Lecture Series: Bio-Inspired Photonics

An overview from Dr Silvia Vignolini

Dr Silvia Vignolini

Dr Silvia Vignolini, Reader in Chemistry and Biomaterials at the University of Cambridge, delivered the final ICAM webinar of 2017 on the topic of bio-inspired photonics.

The most brilliant colours in nature are obtained by structuring transparent materials on the scale of the wavelength of visible light. By controlling/designing the dimensions of such nanostructures, it is possible to achieve extremely intense colourations over the entire visible spectrum without using pigments or colorants. Colour obtained through structure, namely structural colour, is widespread in the animal and plant kingdom.

Such natural photonic nanostructures are generally synthesised in ambient conditions using a limited range of biopolymers. Given these limitations, an amazing range of optical structures exists: from very ordered photonic structures, to partially disordered, to completely random ones.

In this webinar, Dr Vignolini introduced some striking example of natural photonic structures and reviewed our recent advances to fabricate bio-mimetic photonic structures using the same material as nature. Biomimetic with cellulose-based architectures enables us to fabricate novel photonic structures using low cost materials in ambient conditions. Importantly, it also allows us to understand the biological processes at work during the growth of these structures in plants.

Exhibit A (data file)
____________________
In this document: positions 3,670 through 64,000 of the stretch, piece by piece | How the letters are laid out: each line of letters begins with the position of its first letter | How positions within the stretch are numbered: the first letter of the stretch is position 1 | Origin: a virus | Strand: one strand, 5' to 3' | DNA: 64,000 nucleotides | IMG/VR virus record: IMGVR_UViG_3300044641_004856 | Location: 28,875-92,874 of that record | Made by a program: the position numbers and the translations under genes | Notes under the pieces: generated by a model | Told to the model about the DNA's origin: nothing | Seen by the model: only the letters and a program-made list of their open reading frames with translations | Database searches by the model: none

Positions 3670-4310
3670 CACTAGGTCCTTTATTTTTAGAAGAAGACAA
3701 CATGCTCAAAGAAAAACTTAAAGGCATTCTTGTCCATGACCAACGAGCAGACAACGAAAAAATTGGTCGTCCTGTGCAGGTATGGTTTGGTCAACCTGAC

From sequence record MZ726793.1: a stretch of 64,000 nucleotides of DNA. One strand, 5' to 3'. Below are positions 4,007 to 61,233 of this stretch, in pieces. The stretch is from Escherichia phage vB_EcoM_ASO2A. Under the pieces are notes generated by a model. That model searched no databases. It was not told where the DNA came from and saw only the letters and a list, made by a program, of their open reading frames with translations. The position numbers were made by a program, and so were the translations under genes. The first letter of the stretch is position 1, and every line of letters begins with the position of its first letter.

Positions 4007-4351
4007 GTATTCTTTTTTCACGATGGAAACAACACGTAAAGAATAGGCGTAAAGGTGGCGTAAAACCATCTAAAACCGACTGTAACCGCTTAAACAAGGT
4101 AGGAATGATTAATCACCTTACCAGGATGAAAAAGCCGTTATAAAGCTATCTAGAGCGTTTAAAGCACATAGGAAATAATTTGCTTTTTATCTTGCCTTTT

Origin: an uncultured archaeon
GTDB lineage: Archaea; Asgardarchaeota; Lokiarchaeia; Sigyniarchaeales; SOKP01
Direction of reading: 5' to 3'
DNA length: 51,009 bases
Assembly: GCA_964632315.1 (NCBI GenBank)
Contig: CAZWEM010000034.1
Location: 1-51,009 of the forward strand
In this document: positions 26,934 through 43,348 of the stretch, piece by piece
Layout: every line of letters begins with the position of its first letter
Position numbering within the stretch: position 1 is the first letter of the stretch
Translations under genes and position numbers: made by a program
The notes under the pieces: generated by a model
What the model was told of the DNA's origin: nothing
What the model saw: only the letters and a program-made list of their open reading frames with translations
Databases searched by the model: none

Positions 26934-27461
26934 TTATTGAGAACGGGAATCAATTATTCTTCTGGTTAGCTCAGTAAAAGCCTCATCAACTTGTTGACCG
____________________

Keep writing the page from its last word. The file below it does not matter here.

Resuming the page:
Dr Silvia Vignolini is a Reader in Chemistry and Biomaterials in Cambridge. She was awarded a PhD in Physics in 2009 at the European Laboratory for non-Linear Spectroscopy and the Physics Department at the University of Florence. During her PhD, she studied light-matter interaction in the near-field regime.

In 2010, she joined as a Research Associate the Cavendish Laboratory in Cambridge, UK, working on optical properties of soft-materials. In 2014 she started her independent career and her current research interests are focused on using physical approaches to study the self-assembly of biopolymers both in nature and for the fabrication of novel functional biomaterials.